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City to prune, remove trees north of downtown

Original post made on Jul 17, 2013

The City of Palo Alto will remove 25 trees from the area north of downtown, mainly along University Avenue, and complete pruning work on other trees to ensure vehicle, pedestrian and building clearance, according to press release.

Read the full story here Web Link posted Wednesday, July 17, 2013, 9:38 AM

Comments (10)

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Posted by tree lover
a resident of Greenmeadow
on Jul 17, 2013 at 6:38 pm

Cutting down 25 trees and ONLY replacing 11. What's wrong with that picture?


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Posted by Not an issue
a resident of Community Center
on Jul 17, 2013 at 6:48 pm

Did you read the story, tree lover?
It states:
"Some of them will not be replaced because of conflicts with underground utility lines or competition from private trees and vegetation."
For some trees are more important than anything. Maybe the 4 trees that are public safety threats should be left standing.


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Posted by concerned
a resident of Another Palo Alto neighborhood
on Jul 17, 2013 at 7:20 pm

The "tree population as a whole in this area of the City is in good condition"? Compared to what and where? Maybe our expectations
have dropped. Also what role in the stress of the Magnolia trees
in particular has pollution, i.e the auto emissions from
stalled traffic along University Ave played? Also has the water
table dropped in this area? We need more information here.
"Tree City" is in trouble.


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Posted by Not an issue
a resident of Community Center
on Jul 17, 2013 at 7:26 pm

Certain parts of the cty have too many trees due to bad planning and our unhealthy obsession with trees. Good thatbthe city is addressing the issue as a matter of public safety


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Posted by Robit noops
a resident of Greenmeadow
on Jul 18, 2013 at 11:23 am

I have been a tree lover, but as a learn more I agree that some trees are unhealthy or competing with private trees. It is a process.


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Posted by Nora Charles
a resident of Stanford
on Jul 18, 2013 at 1:06 pm

The war on trees continues. This is absolutely shameful.


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Posted by too many trees
a resident of Greater Miranda
on Jul 18, 2013 at 1:13 pm

"The war on trees continues. This is absolutely shameful."
There is no "war on trees" and it is the right thing to do.
Did you bother to read the story, Nora????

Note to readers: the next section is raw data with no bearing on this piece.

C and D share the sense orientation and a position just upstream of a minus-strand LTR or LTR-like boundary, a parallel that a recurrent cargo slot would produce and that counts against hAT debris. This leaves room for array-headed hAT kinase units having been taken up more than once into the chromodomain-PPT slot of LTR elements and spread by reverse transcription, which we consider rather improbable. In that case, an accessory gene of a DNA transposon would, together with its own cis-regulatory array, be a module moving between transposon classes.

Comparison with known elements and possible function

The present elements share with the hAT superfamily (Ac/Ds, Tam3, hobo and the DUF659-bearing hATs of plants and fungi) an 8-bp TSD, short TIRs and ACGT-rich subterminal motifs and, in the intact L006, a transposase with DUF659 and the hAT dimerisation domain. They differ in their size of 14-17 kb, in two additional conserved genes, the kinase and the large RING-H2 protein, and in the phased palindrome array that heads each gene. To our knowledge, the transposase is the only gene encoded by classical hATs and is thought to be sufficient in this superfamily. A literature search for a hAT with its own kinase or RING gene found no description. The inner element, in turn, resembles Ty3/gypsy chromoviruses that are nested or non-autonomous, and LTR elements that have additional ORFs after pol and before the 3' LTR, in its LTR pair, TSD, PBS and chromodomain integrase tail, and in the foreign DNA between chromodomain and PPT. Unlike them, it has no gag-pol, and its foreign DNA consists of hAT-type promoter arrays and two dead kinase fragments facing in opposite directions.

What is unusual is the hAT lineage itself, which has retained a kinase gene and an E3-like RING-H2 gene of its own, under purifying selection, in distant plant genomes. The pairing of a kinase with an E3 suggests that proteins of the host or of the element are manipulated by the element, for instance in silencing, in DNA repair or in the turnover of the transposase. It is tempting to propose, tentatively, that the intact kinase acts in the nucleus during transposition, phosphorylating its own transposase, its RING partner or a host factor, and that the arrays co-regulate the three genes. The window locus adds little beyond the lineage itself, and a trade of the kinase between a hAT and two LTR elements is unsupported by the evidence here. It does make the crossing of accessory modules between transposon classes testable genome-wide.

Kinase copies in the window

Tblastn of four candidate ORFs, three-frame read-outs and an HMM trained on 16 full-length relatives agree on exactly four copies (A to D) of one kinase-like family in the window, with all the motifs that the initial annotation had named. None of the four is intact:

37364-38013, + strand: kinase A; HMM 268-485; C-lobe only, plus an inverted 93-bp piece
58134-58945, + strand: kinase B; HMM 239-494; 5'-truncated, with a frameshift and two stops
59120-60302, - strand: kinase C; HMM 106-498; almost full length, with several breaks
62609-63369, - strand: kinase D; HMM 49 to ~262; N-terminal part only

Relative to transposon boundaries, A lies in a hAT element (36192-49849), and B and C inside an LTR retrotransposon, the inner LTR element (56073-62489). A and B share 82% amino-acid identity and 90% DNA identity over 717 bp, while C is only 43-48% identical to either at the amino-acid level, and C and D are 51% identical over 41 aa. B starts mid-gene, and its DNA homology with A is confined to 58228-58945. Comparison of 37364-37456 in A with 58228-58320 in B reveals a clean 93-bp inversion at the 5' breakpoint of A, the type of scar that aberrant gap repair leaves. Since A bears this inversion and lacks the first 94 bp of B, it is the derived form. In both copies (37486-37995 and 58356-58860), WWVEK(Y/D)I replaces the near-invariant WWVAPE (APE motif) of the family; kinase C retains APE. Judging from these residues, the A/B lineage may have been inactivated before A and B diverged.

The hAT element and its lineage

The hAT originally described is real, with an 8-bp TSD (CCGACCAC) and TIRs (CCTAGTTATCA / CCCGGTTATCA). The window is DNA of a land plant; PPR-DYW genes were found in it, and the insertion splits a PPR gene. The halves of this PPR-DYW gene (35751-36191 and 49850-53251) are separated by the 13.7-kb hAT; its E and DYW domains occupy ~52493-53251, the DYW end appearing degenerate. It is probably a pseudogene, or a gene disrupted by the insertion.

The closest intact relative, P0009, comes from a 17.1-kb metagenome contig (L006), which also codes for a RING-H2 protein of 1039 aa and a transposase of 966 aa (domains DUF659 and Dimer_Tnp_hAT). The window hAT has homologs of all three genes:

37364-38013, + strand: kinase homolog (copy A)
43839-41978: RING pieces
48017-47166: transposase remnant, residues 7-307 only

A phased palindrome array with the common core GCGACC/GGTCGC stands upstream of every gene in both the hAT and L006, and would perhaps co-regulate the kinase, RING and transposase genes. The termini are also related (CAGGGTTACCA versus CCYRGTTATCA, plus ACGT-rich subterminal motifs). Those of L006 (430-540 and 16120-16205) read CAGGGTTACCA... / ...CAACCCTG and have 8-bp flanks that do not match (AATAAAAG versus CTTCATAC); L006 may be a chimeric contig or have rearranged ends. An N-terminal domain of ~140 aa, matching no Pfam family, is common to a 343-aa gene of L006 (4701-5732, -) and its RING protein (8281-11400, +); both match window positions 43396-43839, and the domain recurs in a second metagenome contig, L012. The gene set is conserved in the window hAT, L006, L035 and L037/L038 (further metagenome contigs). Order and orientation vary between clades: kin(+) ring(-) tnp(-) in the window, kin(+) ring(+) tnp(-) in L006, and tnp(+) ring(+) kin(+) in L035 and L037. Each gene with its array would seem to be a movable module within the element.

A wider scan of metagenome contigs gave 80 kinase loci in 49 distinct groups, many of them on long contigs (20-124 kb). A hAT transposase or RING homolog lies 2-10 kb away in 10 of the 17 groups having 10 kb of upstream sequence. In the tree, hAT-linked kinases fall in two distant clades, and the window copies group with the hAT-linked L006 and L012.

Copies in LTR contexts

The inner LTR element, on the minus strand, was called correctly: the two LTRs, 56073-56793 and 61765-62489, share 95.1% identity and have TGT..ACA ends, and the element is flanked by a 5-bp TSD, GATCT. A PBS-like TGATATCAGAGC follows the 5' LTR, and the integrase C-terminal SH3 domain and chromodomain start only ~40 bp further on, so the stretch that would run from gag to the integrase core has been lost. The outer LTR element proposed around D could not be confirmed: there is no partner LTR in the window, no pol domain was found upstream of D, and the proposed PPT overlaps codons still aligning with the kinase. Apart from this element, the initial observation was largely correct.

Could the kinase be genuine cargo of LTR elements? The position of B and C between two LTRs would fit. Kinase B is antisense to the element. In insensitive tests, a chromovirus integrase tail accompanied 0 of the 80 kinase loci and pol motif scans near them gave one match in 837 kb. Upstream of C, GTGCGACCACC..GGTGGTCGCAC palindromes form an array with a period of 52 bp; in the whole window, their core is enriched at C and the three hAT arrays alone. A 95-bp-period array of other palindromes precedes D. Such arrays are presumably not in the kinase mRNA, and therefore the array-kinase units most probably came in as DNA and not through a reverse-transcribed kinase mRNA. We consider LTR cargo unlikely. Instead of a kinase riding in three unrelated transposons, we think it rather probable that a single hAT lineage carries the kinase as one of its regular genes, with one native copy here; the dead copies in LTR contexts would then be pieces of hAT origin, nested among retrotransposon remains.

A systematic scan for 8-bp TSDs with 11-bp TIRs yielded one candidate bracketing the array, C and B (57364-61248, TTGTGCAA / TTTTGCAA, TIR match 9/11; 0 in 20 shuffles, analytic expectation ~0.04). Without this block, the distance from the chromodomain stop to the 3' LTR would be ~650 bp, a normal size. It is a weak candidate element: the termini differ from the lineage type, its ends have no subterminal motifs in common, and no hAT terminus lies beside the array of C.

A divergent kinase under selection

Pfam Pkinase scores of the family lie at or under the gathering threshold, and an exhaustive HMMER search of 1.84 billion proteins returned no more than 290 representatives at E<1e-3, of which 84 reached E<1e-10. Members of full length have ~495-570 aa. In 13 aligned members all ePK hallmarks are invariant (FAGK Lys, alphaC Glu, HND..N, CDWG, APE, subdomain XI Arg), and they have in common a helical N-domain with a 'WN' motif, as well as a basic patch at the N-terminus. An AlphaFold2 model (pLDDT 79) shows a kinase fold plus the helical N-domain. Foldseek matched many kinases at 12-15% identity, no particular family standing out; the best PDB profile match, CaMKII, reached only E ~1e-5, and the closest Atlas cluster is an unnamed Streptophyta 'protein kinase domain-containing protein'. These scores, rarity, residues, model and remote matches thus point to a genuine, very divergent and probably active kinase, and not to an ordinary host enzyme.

"complete pruning work on other trees to ensure vehicle, pedestrian and building clearance, according to press release."
"Four of the trees, magnolias located along University Avenue, will be removed soon due to public safety concerns. The trees slated to be removed have sustained decay, structural defects or long-term decline, according to the release."
""The fact that we have such a small percentage of tree removals that are needed indicates that our tree population as a whole in this area of the City is in good condition." "

War on trees, indeed. Anytime you talk about getting rid of diseased trees, you get people yelling and screaming.
One of the above posters was correct--there is an unhealthy obsession in town regarding trees. There are too many trees in Palo Alto and this is a good start


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Posted by David
a resident of Another Palo Alto neighborhood
on Jul 19, 2013 at 10:28 am

Kudos to our city urban forester, Walter Passmore, with the scientific facts (not just emosional feelings) to move forward with dealing with the mature tree issue in Palo Alto. Many cities in the SF Bay Area are having numerous trees reach their maturity and treaten the citizenry. Just like humans and animals, trees have a life span. They can not live forever event with appropriate arborculture practices.


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Posted by more to this
a resident of Another Palo Alto neighborhood
on Jul 21, 2013 at 9:27 pm

There is more to this than many Magnolia trees on University especially reaching their normal life spans, which for a Magnolia is
generally over 100 years. It could be poor soil, drought conditions
and a lowering water table, in combination with auto emissions
from stalled traffic on University, or possibly some other factor.


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Posted by more to this
a resident of Another Palo Alto neighborhood
on Jul 21, 2013 at 10:28 pm

The Magnolias are not deep-rooted, so the drought conditions
would affect surface moisture available to them more than any
changes in the water table. Also maybe cutbacks in irrigation by homeowners in lawn areas may be affecting some of these trees.


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